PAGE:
Updated February 24, 2017—Item #5 was added.
1. Although there were several earlier non-native settlements (mainly Roanoke and Jamestown), it was the story of the Pilgrim Fathers, who established the first permanent settlement, that is revered in early American history. Only a third of the occupants of the Mayflower were Protestant Separatists; most of the others were crew, support tradesmen & security but many other folks seeking freedom to practice their religion did join the Plymouth colony shortly after 1620. Not all the early settlers who came to the U.S. did so for religious reasons but it is fair to say for many of the early immigrants, freedom to practice their version of the Christian faith was a primary factor.
2. Not all the Founding Fathers were Christian believers. Some of them were deist and a few of them may have been closet agnostics. The group were probably influenced by the Age Enlightenment as much, if not more, than the principals of Christianity, but at that time Enlightenment principals and Christian principals overlapped in many ways.
3. Thomas Jefferson was a deist and a product of the Age of Enlightenment but he was devoted to the teachings of Jesus. The Smithsonian holds a New Testament Bible of Jefferson that has all the sections he didn’t agree with cut out (literally). He removed any kind of divine intervention, miracles, etc. but he kept the morals of Jesus and called it his denuded New Testament.
4. Historian M.E. Bradford continues that, “references made by the Framers to Jesus Christ as Redeemer and Son of God… are commonplace in their private papers, correspondence and public remarks—and in the early record of their lives”. James Madison and Alexander Hamilton ‘regularly led their households in the observance of family prayers.’ It’s also worth noting that a significant majority of the citizens of the newly founded country were Christians also.
5. The context for the two ‘clauses’ of First Amendment of the Constitution was primarily a reaction to states favoring a particular Christian denomination and persecuting other Christian groups—for example, Baptists being unfairly treated by Congregationalists (look up “Danbury Baptists”). The goal was to keep the government from interfering with religious groups, and keep religious groups from implementing an official designated federal religion. There were some minority groups with other belief systems, such Muslims, Jews, Deists, etc. at the time—and the Founders, especially Jefferson, were aware of them. The genius of the Constitution, intended or otherwise, was that the First Amendment works regardless of belief system. Of course, boundaries between church and state are not always as clear as we would hope, but the First Amendment certainly helps provide a good starting point.
6. ”There was a consensus among the Founders that religion was indispensable to a system of republican self-government,” says Daniel Dreisbach. “The Founders looked to religion (and morality informed by religious faith) to provide the internal moral compass that would prompt citizens to behave in a disciplined manner, and thereby promote social order and political stability.” Daniel Webster put it this way in 1820: “Whatever makes men good Christians, makes them good citizens.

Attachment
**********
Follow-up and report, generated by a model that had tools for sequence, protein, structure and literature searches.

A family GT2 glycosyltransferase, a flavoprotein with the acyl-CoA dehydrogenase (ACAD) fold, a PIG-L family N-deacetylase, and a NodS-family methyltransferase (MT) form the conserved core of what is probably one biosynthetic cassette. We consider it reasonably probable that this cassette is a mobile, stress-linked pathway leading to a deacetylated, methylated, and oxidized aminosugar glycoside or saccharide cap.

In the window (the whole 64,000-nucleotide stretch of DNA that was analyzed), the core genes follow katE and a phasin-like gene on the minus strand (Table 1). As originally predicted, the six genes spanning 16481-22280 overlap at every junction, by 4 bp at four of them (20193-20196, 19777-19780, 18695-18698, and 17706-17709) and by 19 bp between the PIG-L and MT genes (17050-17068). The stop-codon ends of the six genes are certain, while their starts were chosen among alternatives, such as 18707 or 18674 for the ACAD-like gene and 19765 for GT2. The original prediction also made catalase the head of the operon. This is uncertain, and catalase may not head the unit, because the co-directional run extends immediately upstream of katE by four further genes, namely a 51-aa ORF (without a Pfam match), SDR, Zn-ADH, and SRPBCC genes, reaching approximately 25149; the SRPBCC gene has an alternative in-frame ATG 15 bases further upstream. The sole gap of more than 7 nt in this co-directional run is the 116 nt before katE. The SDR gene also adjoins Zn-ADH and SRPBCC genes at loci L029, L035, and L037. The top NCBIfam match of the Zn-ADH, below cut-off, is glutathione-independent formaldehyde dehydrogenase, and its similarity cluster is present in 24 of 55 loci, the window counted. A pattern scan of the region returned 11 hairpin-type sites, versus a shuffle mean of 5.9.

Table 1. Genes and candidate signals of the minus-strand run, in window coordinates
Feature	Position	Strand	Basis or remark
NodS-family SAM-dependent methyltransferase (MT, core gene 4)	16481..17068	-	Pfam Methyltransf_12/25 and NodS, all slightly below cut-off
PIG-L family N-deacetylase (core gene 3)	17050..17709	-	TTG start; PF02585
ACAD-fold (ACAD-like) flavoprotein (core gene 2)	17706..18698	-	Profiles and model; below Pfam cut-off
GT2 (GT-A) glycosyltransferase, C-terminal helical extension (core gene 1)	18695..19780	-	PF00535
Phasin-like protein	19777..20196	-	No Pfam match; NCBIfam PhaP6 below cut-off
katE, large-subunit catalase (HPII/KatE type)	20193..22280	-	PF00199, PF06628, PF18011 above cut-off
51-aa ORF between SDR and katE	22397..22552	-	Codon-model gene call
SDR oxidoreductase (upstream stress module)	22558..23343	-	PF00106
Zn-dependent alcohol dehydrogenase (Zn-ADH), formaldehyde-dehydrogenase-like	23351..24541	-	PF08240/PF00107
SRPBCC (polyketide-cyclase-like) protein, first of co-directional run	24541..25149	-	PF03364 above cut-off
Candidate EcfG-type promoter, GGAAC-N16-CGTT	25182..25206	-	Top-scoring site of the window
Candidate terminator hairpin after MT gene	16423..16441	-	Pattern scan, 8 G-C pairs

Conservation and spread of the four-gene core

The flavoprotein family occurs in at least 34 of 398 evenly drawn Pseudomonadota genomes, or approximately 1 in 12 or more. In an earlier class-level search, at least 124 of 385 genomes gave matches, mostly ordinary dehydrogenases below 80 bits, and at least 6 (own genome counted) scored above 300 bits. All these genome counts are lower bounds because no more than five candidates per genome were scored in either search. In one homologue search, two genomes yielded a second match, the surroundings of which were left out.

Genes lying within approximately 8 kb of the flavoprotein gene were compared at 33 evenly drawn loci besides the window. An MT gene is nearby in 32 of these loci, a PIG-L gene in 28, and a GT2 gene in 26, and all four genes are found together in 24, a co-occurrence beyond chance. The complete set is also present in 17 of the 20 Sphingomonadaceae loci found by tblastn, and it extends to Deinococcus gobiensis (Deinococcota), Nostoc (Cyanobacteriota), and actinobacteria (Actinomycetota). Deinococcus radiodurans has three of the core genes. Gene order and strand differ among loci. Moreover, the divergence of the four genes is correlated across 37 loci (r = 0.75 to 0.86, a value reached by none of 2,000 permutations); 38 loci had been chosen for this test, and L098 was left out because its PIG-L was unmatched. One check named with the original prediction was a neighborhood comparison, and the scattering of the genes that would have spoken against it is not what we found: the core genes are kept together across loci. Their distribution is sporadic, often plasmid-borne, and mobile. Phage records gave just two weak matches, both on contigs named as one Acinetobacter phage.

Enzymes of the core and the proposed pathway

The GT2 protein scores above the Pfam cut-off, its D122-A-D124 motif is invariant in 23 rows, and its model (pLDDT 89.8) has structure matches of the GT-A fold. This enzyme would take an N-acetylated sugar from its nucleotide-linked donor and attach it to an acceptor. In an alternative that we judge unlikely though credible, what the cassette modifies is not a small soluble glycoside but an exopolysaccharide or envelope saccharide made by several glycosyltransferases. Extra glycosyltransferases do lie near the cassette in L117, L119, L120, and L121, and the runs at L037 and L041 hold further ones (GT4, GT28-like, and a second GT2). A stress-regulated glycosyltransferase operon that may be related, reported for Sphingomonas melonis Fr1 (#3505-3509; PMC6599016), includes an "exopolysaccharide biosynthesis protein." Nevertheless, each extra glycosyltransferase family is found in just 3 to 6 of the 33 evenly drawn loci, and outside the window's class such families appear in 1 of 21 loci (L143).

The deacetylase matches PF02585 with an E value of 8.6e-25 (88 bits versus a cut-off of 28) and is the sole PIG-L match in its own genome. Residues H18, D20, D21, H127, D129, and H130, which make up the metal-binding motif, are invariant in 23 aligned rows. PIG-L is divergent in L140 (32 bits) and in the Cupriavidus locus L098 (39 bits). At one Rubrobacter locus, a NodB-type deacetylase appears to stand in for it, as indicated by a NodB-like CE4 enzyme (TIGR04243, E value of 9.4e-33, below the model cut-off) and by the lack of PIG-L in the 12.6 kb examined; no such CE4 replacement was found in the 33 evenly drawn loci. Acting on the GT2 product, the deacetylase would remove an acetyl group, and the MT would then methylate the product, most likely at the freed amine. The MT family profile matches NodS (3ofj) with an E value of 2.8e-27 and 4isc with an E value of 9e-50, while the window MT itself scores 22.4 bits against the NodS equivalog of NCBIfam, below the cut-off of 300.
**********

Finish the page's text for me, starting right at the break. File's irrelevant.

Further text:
7. Virtually every Founder was agreed was that religion played an essential role in the regime of political self-government. ”Our Constitution was made only for a moral and religious people.” John Adams once said, “It is wholly inadequate for the government of any other.”
8. In his first inaugural address George Washington sounded a similar note, “the propitious smiles of heaven can never be expected on a nation that disregards the eternal rules of order and right which heaven itself has ordained.”
9. In God We Trust is a later addition to the U.S. religious culture. It first appeared on a 2cent coin at the time of the civil war. It didn’t appear on other currency until 1883. It only became a motto of the U.S. in 1956 due to an act of Congress. It’s actually a little know verse from the star-spangled banner – the 4th verse.
10. Again, ‘One Nation Under God is a later addition to the U.S. religious culture. On Feb. 7, 1954, Rev. George Docherty was speaking at his church in D.C. telling them he had grown up in Scotland singing “God Save Our King”. And that he was surprised that the Pledge of Allegiance, unlike the Gettysburg Address and Declaration of Independence, contained no reference to God. He said the pledge was missing “the characteristic and definitive factor in the American way of life,” the “fundamental concept” of the Founding Fathers that the country exists because of God and through God”. Pres. Dwight Eisenhower was in the audience that day. A bill was introduced and passed in the summer of 1954.
11. The Founders did not intend to establish a ‘Christian country’. The Constitution was built using both Christian and Enlightenment principals. Freedom to practice religion, including non-Christian religions, was fiercely protected.
12. That said, without doubt Christianity heavily influenced the foundation of its structure, and religion and morality were seen vital to the success of a democratic nation. In addition, the majority of the Founders and its citizens were practicing Christians.